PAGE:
personally aware of any particular difficulties having been identified
recently, but the ones which were identified originally, as I
understand it, were the necessity to prove that the conduct or
words in question were intended to stir up hatred, the necessity
to prove the intention to do so, and the requirement that the
hatred be directed towards a section of the public rather than
a particular church or individual or whatever. I suppose it is
possible that, in principle, similar difficulties could arise
in connection with the proposed new provisions in the Religious
Offences Bill, but I would suggest that we ought to be wary about
concluding that the same difficulties would necessarily arise
in the context of this country. In a paper written for the Standing
Advisory Commission on Human Rights in 1996and I am not
sure whether it is referred to in the bibliography attached to
the very helpful explanatory papers in connection with the Religious
Offences Bill and if it is not available to you I am sure we could
make it sothe Northern Ireland context was different in
five ways from other societies, five ways which bore really quite
critically on the operation of these provisions in practice. They
were the length of time people had been inciting each other to
religious hatred. The fact was that religion and politics were
intertwined there in a way which really was not true in many other
societies. That those inciting religious hatred would not generally
try to convert people to their cause but rather to encourage the
hatred that already existed amongst their supporters. It was not
just a problem of a member of a majority religion inciting racial
hatred against members of the minority, the reverse was also common
and the fact that was a general tolerance by many ordinary people
of violent language in public discourse, including the use of
fighting talk, which was not intended to be acted upon but was
merely rhetoric. In view of those considerations the paper suggested
that it was hard effectively to enforce a law which sought to
criminalise incitement to religious hatred. It would be difficult,
amongst other things, to show that the words used were likely
to stir up racial hatred or arouse fear and that was the intention
of the accused. Furthermore, such law would always tend to be
the subject of criticism on the grounds of freedom of speech.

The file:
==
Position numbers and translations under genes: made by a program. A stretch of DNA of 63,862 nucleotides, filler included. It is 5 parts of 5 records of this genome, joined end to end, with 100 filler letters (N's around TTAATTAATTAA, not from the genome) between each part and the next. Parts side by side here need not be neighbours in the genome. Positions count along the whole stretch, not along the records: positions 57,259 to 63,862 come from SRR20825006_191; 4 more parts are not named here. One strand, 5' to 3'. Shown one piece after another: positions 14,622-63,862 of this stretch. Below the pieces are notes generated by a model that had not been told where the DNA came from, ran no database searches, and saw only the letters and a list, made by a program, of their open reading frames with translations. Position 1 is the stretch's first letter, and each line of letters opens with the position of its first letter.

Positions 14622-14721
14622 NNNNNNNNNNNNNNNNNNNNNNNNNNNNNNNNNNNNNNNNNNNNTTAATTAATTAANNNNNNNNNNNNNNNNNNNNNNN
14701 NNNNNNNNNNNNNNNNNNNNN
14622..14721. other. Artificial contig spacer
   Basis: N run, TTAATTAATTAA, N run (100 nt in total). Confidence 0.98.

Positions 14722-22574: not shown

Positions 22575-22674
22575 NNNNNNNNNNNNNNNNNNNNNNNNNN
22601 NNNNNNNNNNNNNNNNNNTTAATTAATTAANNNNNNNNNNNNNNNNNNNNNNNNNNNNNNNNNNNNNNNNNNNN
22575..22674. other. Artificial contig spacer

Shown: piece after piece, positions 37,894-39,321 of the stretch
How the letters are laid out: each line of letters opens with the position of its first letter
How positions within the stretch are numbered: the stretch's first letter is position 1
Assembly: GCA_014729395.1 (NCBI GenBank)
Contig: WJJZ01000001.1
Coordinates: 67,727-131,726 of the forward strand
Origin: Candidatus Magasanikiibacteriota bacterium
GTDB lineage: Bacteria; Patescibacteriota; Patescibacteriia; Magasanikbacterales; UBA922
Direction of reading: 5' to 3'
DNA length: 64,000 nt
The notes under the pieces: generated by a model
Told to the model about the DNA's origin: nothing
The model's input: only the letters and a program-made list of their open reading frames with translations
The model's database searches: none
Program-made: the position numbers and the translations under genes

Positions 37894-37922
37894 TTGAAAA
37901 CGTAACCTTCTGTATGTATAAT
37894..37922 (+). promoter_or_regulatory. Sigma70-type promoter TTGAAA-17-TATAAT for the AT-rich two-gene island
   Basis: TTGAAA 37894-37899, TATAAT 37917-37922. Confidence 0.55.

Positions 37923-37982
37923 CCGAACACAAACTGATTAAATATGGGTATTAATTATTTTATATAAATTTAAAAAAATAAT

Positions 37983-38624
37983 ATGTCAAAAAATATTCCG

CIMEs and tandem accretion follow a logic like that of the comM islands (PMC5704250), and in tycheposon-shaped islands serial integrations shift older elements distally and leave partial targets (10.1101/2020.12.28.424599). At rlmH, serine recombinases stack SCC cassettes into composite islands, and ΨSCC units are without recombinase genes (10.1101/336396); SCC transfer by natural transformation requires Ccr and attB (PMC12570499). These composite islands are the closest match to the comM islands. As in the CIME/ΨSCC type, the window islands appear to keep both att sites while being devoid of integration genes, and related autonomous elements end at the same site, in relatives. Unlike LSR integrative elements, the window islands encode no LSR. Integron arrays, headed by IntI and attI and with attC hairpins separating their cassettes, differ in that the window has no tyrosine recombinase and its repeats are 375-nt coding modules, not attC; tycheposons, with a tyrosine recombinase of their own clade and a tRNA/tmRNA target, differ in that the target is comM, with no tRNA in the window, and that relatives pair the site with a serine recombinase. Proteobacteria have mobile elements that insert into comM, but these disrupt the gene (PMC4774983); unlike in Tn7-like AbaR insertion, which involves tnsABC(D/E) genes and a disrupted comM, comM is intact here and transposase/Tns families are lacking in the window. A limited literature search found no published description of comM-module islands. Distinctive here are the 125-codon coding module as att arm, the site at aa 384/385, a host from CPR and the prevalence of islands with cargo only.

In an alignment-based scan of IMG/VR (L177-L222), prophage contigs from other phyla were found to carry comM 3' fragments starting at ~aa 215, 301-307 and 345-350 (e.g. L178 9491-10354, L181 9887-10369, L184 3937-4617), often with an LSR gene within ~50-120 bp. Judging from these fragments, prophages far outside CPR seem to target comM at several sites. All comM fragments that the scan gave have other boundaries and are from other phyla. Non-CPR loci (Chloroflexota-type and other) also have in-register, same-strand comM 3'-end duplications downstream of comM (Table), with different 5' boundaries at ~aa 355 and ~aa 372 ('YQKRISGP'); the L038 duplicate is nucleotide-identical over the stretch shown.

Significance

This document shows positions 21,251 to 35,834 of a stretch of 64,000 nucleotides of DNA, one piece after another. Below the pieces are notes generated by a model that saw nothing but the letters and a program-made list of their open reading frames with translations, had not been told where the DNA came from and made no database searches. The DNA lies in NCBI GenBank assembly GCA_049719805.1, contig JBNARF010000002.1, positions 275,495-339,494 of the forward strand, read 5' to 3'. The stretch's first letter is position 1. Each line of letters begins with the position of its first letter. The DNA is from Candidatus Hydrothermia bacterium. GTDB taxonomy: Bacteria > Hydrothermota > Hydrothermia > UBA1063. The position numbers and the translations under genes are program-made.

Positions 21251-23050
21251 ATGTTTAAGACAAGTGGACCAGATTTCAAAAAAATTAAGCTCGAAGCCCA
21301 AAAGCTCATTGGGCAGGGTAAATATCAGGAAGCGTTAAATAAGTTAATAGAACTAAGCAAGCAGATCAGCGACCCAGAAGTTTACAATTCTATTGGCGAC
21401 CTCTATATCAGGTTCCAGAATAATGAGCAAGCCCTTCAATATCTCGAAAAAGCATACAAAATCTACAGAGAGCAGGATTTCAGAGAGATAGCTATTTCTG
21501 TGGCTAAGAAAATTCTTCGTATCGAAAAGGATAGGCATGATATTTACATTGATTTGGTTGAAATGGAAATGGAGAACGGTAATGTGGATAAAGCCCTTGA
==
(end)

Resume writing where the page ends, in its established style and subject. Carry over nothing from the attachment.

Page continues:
That analysis seems to me to be persuasive and I personally would
be quite wary assuming that any problems which had been encountered
in forcing legislation of that kind in Northern Ireland would
necessarily be replicated in what I hope and believe are very
different conditions of our society here.
295. I think without drawing you into the details
of criminal law we are already into an alternative on intent which
would have to be proved or alternatively an objective, the likelihood
of hatred being incited. I do not know whether you have any comment
on that, but that is the way it seems to have been going. If the
prosecution cannot prove the intent they may have to go over to
the likelihood and then the judgment has to be applied, whether
that was just fighting talk or whether it was really inciting
(Mr Slack) I can understand there could well be difficulties
in that connection my Lord Chairman, but I imagine it would be
desirable to maintain than mens rea requirement from a
number of points of view. Many of those in religious communities
would be concerned if there were a lower level of intention, if
a lower level of intention sufficed for the offence to be committed,
not least because of the potential impact that could have on those
who were seeking to engage in genuine evangelistic activity and
genuine public discourse without serious matters of religious
296. That is I think the other side of this
coin. We have to be very careful to continue to allow freedom
of expression, even if it does take a fairly fearsome form, so
long as it does not lead to incitement to hatred or to public
order offences or something of that sort. Would you agree with
(Mr Slack) Yes, I would.
Chairman: I think having taken 11 minutes off
to vote, according to the rules to which I operate we now better
draw this session to a close. I do not want to do that without
thanking both of you very much indeed for the trouble you have
taken to think about the questions and to give us our answers
as we fired them at you. We will look very carefully at the transcript
of this. The transcript will probably be published so you might
like to look at it carefully too. Thank you very much, indeed,
for what you have been able to tell us.